I am not an addict, nor an addict in recovery.
My parents are not addicts. No one in my family or any of my friends are addicts or have died in an overdose – accidental or intentional.
I grew up sheltered in a conservative community. A religious community. A community of values, of standards, of crystal clear clarity in right and wrong.
No one was doing drugs. No one was drinking uncontrollably. No one was spending hours watching pornography, sneaking off to strip clubs, cultivating anonymous identities on internet dating sites. No one was hosting weekly poker games that spiraled into incessant gambling and crushing debt. No one was a ‘functional addict,’ able to juggle a job, a family, and a thriving, life-sucking addiction.
Do you really believe that?
My first exposure to drugs was when I went to college in New York. I was living in Crown Heights after my Freshman year and I met a bunch of fellow Chabad kids. Young, creative, full of life – and open to new experiences, to say the least. I didn’t fully understand the ramifications of ‘party drugs’ and the far reaching ripples of those behaviors– I mean, who talked about the dangers of drug and alcohol abuse at our all girls, hasidic yeshiva? For whatever reason, that subject was not on our syllabus.
Yet as I reflect over those years in New York and then in Israel, so many young people I knew were flirting on the edge of dangerous, highly addictive behavior. For many, that veil between sporadic, social, fun times and habitual, mind-numbing, soul-wrenching usage was thinning rapidly. I wondered: what were the odds that we’d emerge whole? What was the likelihood that at least one of us would end up broken and strung out?
There was my friend who would suddenly become anxious and mean, who I later found out was battling a heroin addiction. My other friend from seminary who married a real nice guy she met in Tzfat – whom after her wedding realized was a closet crack addict. The young girl who would smoke pot all day, every day, to try to forget about her uncle molesting her when she was twelve. (How many users and addicts are also victims of child sexual abuse? My guess is that number is very high.) The kid who sat on the Wall in Jerusalem, scrounging every last shek to purchase some pill – and eventually began dealing to nourish his supply. The guys who snorted Ritalin and Coke and dropped LSD and Ecstasy and Speed and more on any old night… when would it become one pill too many?
All these kids, from nice Jewish homes.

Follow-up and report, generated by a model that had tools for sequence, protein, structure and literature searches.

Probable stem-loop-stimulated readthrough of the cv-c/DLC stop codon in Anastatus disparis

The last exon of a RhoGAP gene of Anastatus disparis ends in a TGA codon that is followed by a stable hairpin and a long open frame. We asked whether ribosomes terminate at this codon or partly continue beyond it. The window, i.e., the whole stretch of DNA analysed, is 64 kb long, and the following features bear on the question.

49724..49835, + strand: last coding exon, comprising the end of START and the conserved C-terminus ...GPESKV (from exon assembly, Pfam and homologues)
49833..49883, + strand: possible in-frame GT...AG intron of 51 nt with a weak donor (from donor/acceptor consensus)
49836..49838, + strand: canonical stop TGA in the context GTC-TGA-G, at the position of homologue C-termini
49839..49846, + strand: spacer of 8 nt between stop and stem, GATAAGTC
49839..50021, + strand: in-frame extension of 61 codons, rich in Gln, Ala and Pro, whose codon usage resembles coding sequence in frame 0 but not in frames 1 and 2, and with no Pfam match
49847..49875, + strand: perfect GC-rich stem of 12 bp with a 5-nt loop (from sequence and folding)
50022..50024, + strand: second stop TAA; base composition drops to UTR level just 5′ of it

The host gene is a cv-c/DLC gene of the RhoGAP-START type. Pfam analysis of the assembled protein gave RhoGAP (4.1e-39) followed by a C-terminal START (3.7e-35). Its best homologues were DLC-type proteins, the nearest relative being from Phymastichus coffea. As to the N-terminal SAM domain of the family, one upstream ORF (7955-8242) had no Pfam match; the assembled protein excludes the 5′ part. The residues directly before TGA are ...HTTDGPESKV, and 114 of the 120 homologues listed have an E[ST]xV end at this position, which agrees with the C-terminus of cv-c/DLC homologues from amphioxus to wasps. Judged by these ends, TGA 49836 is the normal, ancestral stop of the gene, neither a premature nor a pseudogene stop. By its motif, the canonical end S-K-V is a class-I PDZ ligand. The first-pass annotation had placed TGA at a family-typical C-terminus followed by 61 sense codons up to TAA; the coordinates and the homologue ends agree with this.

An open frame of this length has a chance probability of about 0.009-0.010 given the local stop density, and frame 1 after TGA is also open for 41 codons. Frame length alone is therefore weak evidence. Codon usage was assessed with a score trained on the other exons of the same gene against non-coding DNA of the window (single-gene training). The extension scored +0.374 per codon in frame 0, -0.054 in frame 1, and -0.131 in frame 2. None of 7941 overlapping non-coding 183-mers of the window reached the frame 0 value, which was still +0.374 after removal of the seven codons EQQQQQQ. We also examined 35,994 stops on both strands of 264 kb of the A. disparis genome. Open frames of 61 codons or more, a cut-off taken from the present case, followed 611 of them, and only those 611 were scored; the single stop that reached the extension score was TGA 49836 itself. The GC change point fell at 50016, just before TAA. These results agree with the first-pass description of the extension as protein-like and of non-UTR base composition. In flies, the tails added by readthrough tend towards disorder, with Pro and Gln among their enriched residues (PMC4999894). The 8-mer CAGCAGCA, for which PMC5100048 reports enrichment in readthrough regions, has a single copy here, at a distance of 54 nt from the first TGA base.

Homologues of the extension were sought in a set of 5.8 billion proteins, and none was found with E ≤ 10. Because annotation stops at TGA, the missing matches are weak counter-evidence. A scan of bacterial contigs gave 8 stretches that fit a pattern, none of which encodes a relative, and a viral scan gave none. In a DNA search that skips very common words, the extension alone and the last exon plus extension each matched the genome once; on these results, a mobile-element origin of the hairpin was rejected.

Educated. Well mannered (mostly). Good families.
Religious kids. Learned kids. Kids with a home.
All these kids, all these worlds, teetering on the edge.
Someone is bound to fall.
I never believed drugs, alcohol and addiction spared my community. I know it’s everywhere. I know this demon sees no color, size, shape or gender. It’s not impressed if you’re observant. It knows no yichus.
In the U.S. alone, more than 47,000 people died from drug-induced deaths in 2014, including 10,574 deaths from heroin.
Stop a minute, reread that sentence, and contemplate those figures.
I do not know what the numbers of accidental or intentional overdoses are in the Orthodox or Hasidic community. But lately, it seems that more and more young people are dying ‘in their sleep,’ ‘suddenly,’ or ‘unexpectedly.’
Are we ready to get real?
Last week, a young man in my hasidic community died from a drug overdose.
A whole world, stopped in its tracks.
This is definitely not the first young adult from my community to die from a drug overdose. Not the first life cut short because of this treacherous, vicious disease. Yet for some reason, this young man’s death hit me a harder than others. For some reason, it hit me deep.
I wanted to share my pain with my friends. So I posted this on my wall:
… We are so driven to shroud our communities challenges. But enough is enough! We need to talk about what we must do better. We need to talk about the children and adults around us, within us, who are broken. We need to feel an urgency so palpable that no challenge will stand in our way.
Our schools need to be better. Our communities need to provide more resources to combat abuse. We need to talk about drugs, sex, rape, and ALL the addictions – and the possible courses for treatment…
We are all children. We are all parents. And we are all responsible for each other. Talk is cheap. What are we going to DO to transform our community? When are we going to display the courage to truly fight all the darkness around us?